Saturday, December 3, 2011

Elements in Tension

My six year old daughter surprised me today by proclaiming that she had figured out why the earth spins. At some length, she explained that if the earth did not spin, it would be bad for “the people” because some would live only in the light while some would be continually in the darkness. When I agreed with those consequences of a static globe, I asked how, then, that reality would yield a spinning earth. It took a while for us drill down through the layers of her reasoning to get to a fundamental question: was there something out there, other than people, that cared about the well being of humanity? After a few minutes sitting with this question, she said “Oh, Dad, I’ve got an idea... maybe a god or something is involved.” We then had a first in-depth conversation about the idea of God, or gods, and how they provide answers to difficult questions. Ultimately, we came around to an assessment that humans really like to things to resolve cleanly, regardless of the violence to reason committed in achieving resolution. 

That brings me back to the subject of this blog (thanks for your patience) - small to midsize urbanism and my case study regarding Caracas. As we near the end of the fall quarter in BE 551, students have presented case studies on Abuja, Astana, Belgrade, Brasilia, Caracas, Dubai, and Incheon. My investigation of Caracas has been placed into very illuminating context among the other studies. I have enjoyed the class, and I find the discussions stimulating. But they have not been comfortable. I walk away from each week’s discussion with a sense of unease... and I think I am beginning to understand why. Similarities and differences abound between the case study cities, but one aspect seems enmeshed in the character of each place: elements are held in tension, without resolution.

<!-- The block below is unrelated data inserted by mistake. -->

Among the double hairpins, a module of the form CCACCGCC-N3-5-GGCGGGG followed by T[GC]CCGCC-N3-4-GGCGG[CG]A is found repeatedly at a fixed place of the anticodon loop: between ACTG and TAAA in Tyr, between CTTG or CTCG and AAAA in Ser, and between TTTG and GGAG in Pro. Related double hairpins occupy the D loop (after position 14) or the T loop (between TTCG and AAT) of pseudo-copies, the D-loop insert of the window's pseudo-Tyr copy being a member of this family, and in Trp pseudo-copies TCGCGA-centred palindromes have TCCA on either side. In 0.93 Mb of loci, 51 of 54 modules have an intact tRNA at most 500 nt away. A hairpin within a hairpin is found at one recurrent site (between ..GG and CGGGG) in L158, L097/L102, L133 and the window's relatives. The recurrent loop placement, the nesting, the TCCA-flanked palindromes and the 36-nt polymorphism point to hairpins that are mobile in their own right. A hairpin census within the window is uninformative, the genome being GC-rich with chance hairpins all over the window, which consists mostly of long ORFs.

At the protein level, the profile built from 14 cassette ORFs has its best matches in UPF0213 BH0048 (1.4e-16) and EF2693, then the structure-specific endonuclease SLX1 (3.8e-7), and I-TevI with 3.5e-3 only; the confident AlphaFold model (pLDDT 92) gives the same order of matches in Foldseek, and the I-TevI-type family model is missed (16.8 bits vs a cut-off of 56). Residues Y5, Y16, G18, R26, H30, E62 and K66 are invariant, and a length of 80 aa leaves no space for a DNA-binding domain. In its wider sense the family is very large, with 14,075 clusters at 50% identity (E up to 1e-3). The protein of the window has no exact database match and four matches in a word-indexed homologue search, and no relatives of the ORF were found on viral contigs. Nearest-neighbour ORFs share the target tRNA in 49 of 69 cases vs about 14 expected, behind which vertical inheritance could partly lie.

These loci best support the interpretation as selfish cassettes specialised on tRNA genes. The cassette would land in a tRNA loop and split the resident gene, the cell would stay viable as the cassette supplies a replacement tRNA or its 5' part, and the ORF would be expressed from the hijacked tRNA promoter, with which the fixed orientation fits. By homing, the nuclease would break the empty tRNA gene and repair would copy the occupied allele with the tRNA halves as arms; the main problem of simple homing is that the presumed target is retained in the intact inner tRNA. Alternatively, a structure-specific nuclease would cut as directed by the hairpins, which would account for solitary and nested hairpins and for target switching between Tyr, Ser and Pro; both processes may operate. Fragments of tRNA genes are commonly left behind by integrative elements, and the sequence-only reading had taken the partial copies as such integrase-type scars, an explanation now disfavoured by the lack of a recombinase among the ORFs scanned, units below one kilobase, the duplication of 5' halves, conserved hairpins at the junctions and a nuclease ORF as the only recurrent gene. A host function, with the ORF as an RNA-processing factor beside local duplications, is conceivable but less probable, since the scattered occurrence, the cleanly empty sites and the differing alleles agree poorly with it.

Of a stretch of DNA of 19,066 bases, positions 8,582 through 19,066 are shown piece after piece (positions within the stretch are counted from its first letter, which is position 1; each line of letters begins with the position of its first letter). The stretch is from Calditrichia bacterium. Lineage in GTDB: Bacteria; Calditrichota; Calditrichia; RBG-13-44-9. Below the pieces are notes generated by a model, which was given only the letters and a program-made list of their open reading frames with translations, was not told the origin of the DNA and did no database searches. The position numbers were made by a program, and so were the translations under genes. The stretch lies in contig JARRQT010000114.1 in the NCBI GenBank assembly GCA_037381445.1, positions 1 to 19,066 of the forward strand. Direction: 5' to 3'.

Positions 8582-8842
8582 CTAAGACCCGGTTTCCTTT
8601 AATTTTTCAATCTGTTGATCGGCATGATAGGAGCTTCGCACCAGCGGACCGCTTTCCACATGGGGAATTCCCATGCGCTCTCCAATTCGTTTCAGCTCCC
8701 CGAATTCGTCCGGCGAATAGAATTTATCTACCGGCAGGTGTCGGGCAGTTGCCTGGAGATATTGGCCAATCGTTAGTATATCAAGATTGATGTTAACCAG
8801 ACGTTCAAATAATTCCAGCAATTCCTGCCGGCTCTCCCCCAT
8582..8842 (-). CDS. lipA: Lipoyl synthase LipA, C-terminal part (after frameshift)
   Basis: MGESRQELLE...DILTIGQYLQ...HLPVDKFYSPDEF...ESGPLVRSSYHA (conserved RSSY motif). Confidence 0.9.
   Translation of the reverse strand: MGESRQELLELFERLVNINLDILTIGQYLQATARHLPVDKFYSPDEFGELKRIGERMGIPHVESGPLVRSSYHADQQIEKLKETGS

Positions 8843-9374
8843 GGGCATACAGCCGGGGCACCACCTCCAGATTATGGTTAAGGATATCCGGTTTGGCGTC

In small to medium sized cities, innumerable elements of life are held in tension between divergent forces. As a city grows from ex-town to pre-megalopolis, it makes sense that divisive forces come into play. In fact, it stands to reason that this characteristic tension may be more prevalent in S&M cities than in urbanism at other scales. Smaller towns may not have the sheer force of population to draw differences in values/lifestyles/resources into palpable tension, and such towns are contained enough that most residents may still share a common urban ethos. On the other end of the spectrum, megacities may be diverse and far-flung enough that tension may dissipate as subareas and subpopulations are relegated particular territory (physical or ideological), and any prevailing sense of shared urban character may be abandoned. But in small to midsize cities, the forces of large population numbers behind differences play out within geographic and social bounds confined enough that disparities are evident, and incongruences fly in the face of any wishing to maintain what is a fading sense of shared identity. Under such conditions, tension is certainly manifest.

In holding matters in tension, there is unease- and as I mentioned above, we humans do like things to resolve. For that reason, I suppose we could hypothesize that small to midsize cities are transitional or maybe even temporary. They probably cannot stay perpetually in their current state of tension. They could grow and relieve pressure via geographic or social allocation, or they could shrink until divergent forces are no longer manifest with strength sufficient to create tension. Such a view of the small to midsize city as transitional, an ephemeral city, may indeed be reasonable. However, for the purposes of this study, I want to maintain focus on what of significance is manifest now in S&M cities- under tension - before resolution.

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